Third, market dynamics are working in shale’s favor, for now at least. Higher prices have allowed companies to increase output, reduce debt, improve cash flow, hedge production forward, and boost exports. As OPEC producers have cut back to increase prices, shale companies have gained market share across different regions, even in Asia. Restraining production would cede market share to competitors. OPEC nevertheless continues to control the vast majority of the world’s low-cost production, and over the long run, could even disadvantage U.S. producers by manipulating supply levels.
No long-term strategy
OPEC officials speaking this week have made vague comments about the cartel’s plans for the remainder of the year and beyond. Exiting the current agreement, which cuts output by 1.8 Mbd, could create a sharp price drop. At the same time, continuing to restrict supply could cause the market to overshoot on the upside. Also under consideration is institutionalizing the current OPEC/non-OPEC group. One trader on Twitter opined: “Everything I hear from OPEC folks points toward the ‘muddle through and hope for the best’ option. They’ll extend the cuts forever and express their anger at shale from here.”
What is missing from OPEC’s strategy is longer-term growth to meet rising demand.
Just as critically, what is missing from OPEC’s strategy is longer-term growth to meet rising demand. Net additions from the cartel over the next five years are expected to total only 750,000 barrels per day (b/d), as losses in Venezuela offset growth elsewhere, particularly Iraq. The International Energy Agency (IEA) says although shale will dominate in the next few years, the modest OPEC growth will occur at the same time the demand for its crude will rise and shale increases will eventually slow.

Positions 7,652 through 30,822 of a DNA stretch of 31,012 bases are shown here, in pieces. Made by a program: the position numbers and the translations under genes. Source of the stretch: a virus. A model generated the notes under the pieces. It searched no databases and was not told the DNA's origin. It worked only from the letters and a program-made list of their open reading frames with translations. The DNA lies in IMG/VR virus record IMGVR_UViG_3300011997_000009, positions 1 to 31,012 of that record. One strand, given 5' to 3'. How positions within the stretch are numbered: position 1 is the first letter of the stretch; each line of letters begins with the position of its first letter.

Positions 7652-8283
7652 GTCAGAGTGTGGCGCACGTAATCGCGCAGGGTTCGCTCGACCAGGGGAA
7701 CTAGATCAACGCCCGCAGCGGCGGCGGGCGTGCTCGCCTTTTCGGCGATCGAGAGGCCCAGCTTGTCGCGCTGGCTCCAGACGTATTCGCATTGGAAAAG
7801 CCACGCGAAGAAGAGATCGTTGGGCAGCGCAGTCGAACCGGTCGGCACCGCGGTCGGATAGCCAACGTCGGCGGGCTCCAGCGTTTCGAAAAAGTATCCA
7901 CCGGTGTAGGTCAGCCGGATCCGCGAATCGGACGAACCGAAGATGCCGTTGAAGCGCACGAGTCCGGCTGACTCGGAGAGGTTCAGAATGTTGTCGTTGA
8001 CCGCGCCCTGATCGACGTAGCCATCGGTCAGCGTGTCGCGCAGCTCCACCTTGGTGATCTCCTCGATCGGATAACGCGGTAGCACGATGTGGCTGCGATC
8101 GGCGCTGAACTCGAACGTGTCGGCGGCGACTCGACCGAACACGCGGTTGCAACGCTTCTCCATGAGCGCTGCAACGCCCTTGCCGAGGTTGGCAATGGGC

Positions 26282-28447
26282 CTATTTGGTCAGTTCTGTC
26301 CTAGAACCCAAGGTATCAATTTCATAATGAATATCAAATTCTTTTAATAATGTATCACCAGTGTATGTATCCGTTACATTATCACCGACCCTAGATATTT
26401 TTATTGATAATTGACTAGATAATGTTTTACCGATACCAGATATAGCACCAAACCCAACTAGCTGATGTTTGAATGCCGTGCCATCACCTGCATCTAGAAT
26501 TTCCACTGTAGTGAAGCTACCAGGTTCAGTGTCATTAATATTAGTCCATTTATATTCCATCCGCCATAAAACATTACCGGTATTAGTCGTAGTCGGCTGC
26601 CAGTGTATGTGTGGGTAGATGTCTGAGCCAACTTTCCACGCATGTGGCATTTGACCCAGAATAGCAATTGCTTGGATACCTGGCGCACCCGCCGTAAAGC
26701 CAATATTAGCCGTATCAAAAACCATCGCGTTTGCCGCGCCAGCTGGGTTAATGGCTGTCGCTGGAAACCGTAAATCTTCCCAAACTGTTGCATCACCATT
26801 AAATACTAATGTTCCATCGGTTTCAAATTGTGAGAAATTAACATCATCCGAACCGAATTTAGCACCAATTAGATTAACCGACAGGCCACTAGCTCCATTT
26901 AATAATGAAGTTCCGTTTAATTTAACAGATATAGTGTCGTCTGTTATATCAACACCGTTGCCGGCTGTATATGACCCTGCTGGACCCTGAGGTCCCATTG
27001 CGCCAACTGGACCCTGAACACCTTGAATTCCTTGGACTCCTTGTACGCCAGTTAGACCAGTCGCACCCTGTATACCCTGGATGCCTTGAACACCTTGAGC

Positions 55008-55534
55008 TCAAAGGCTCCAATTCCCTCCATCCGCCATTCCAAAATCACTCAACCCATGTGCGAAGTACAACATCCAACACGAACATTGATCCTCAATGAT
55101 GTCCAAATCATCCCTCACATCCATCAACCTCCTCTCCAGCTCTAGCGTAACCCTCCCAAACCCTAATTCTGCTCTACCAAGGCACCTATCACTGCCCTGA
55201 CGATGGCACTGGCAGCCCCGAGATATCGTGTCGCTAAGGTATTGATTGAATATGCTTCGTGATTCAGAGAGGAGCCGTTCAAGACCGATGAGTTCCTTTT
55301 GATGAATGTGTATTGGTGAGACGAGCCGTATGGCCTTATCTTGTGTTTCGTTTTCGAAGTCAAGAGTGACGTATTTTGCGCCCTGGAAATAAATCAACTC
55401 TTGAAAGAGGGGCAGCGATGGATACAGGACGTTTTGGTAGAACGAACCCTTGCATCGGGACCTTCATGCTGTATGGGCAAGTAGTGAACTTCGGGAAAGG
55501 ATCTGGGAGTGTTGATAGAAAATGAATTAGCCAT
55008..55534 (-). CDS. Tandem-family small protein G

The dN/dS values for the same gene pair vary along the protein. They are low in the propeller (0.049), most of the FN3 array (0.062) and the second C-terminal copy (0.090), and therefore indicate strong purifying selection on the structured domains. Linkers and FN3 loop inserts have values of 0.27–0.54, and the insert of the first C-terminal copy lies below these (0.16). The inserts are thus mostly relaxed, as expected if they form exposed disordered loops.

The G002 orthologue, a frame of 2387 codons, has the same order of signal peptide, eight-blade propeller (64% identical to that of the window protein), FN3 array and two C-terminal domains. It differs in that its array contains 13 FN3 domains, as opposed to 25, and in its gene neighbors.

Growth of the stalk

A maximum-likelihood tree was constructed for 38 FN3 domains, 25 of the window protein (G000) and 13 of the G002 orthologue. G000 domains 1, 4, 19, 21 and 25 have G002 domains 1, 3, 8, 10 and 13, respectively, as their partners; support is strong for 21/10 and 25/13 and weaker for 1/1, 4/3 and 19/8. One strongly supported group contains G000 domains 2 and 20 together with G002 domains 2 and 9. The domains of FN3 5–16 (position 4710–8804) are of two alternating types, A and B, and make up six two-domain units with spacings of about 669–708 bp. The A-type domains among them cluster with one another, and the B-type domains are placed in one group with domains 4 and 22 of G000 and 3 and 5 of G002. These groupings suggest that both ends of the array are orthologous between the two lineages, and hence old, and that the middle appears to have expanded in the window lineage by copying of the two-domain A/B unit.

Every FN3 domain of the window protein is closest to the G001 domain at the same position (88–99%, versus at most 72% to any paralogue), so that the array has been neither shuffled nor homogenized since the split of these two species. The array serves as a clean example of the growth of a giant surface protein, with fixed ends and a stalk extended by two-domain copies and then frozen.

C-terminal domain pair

At this time, the lack of investment in OPEC countries is worrisome. And OPEC knows that today’s current underinvestment could precipitate a supply gap and higher prices in the coming years. Barkindo said that current lower spending could cause problems over the longer term, and Saudi Aramco CEO Amin Nasser noted Tuesday at CERAWeek that the industry needs more than $20 trillion over the next two and a half decades to meet increasing oil and gas demand. This raises the question: Will OPEC producers fail to make the necessary long-term investments? Do uncertainty over shale and bullish forecasts for electric vehicles cloud their investment strategies, even if they realize that higher prices in the future are a stark possibility?
“There is a worldwide obsession with shale. It’s irrational exuberance in the U.S., and it’s irrational fear in the rest of the world.”
“There is a worldwide obsession with shale. It’s irrational exuberance in the U.S., and it’s irrational fear in the rest of the world,” Hess CEO John Hess said. If OPEC countries wait too long to make the necessary investments, it could take years before the needed supply comes online.
OPEC’s emphasis is on the short run, with its strategy of cutting output as part of the Vienna Group and talking to shale producers. It is clearly worried about its market sway, and formalizing its partnership with non-OPEC allies would give it broader influence. There’s no reason yet to think that the cartel is ready to pivot to thinking more about the longer run.